The books are a valuable asset to the Caswell Register of Deeds office, Mrs Mary Lee Carter, current Register of Deeds, tells of the usefulness of these books. "We are very lucky to have these books. You can't find other records like these. They are valuable records because many times Family Bibles are lost and cemeteries get vandalized. These records are the only place to go to find out about their families." She added that people use Blaylock's research frequently.

Carter also remembers an occasion when Mr. Blaylock rescued school records that were about to be burned. "Before there was a law that said the schools had to keep the records, the school decided to burn old school records. They brought them to the courthouse to be burned. Mr. Blaylock realized they were valuable. He salvaged them and stored them. We have the school records here now. They are very important records for finding birth dates and parent's names."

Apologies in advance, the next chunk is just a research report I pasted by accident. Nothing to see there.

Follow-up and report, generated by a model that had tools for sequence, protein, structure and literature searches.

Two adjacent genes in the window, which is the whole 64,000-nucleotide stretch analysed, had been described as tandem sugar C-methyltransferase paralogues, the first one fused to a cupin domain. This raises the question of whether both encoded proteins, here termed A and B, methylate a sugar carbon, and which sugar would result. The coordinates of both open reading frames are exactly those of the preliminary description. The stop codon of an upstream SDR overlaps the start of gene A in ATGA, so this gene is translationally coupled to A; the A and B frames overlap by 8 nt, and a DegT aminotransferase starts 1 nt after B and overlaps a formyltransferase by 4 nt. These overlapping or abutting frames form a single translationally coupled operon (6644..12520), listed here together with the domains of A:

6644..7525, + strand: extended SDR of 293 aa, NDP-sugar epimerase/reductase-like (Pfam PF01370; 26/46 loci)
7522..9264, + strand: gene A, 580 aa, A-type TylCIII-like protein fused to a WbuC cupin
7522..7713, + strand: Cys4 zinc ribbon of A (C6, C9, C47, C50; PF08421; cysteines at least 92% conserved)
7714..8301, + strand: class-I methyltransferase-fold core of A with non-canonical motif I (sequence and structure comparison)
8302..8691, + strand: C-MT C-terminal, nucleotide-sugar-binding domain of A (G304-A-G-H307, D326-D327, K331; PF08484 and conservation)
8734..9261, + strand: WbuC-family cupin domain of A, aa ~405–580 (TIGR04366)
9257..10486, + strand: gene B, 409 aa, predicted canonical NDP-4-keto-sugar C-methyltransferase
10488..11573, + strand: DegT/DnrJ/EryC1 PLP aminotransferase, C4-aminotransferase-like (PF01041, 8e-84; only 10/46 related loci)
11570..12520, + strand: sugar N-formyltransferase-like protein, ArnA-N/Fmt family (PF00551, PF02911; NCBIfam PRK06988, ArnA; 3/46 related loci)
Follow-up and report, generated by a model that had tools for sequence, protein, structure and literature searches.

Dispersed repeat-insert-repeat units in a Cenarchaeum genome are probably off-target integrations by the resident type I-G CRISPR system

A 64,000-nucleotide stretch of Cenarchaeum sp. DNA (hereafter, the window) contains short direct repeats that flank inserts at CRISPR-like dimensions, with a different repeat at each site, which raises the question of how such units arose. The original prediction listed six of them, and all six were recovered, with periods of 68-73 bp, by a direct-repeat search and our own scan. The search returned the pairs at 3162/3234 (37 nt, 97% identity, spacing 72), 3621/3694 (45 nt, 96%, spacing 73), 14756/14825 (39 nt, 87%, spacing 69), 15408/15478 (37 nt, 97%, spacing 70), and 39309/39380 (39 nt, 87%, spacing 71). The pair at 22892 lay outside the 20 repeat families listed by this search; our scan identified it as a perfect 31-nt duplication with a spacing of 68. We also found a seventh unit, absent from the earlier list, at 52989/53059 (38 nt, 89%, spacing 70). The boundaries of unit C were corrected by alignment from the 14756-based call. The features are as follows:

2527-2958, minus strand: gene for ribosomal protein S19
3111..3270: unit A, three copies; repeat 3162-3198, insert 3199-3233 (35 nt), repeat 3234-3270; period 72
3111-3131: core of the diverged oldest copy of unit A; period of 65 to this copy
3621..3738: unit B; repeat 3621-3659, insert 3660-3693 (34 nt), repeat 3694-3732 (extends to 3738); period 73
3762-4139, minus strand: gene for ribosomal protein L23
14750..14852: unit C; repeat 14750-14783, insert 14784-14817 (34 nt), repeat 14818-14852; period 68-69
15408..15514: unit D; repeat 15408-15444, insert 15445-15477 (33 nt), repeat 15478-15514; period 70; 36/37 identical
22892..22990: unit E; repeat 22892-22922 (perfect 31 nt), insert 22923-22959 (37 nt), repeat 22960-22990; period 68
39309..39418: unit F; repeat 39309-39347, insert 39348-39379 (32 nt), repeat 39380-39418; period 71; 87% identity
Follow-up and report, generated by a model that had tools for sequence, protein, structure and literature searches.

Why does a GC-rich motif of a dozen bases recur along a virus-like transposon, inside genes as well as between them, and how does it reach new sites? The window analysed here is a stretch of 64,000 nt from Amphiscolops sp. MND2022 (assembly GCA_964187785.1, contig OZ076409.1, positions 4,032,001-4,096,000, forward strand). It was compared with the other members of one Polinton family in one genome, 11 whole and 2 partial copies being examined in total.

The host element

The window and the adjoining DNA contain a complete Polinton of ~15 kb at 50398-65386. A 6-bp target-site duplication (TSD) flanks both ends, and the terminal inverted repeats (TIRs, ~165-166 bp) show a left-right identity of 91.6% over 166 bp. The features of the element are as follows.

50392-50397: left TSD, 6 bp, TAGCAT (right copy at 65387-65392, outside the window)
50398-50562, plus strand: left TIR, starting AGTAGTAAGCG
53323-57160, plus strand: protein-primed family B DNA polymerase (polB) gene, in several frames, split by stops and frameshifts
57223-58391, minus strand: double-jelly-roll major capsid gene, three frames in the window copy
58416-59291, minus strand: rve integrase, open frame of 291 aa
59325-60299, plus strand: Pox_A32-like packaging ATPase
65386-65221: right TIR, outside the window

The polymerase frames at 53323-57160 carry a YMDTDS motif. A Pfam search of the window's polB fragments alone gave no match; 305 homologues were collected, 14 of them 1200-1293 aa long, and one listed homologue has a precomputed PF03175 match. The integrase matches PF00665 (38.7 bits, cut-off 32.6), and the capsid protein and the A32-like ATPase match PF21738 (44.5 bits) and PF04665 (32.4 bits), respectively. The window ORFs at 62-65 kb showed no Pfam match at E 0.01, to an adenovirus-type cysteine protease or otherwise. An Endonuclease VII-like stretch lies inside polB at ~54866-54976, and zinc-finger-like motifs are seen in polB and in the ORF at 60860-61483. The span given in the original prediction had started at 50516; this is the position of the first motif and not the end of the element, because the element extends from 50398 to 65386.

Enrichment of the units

There is also a large collection of delayed birth certificates for people who had no record of their birth. To obtain a delayed birth certificate, a person had to have two proofs of birthplace and one for parents' names. Blaylock tells that making the delayed birth certificates led him to a lot of research. "In 1945 the idea came to me these records are here so why not record it. There are a lot of things in them for future generations."

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Blaylock noted that the job was filled with long hours but was enjoyable. "I tried to be as accurate as I could I worked a lot at night. For the first 25 years I worked night and day with no help except for a few hours. It was hard but it was pleasant. It was not a chore, time went by fast."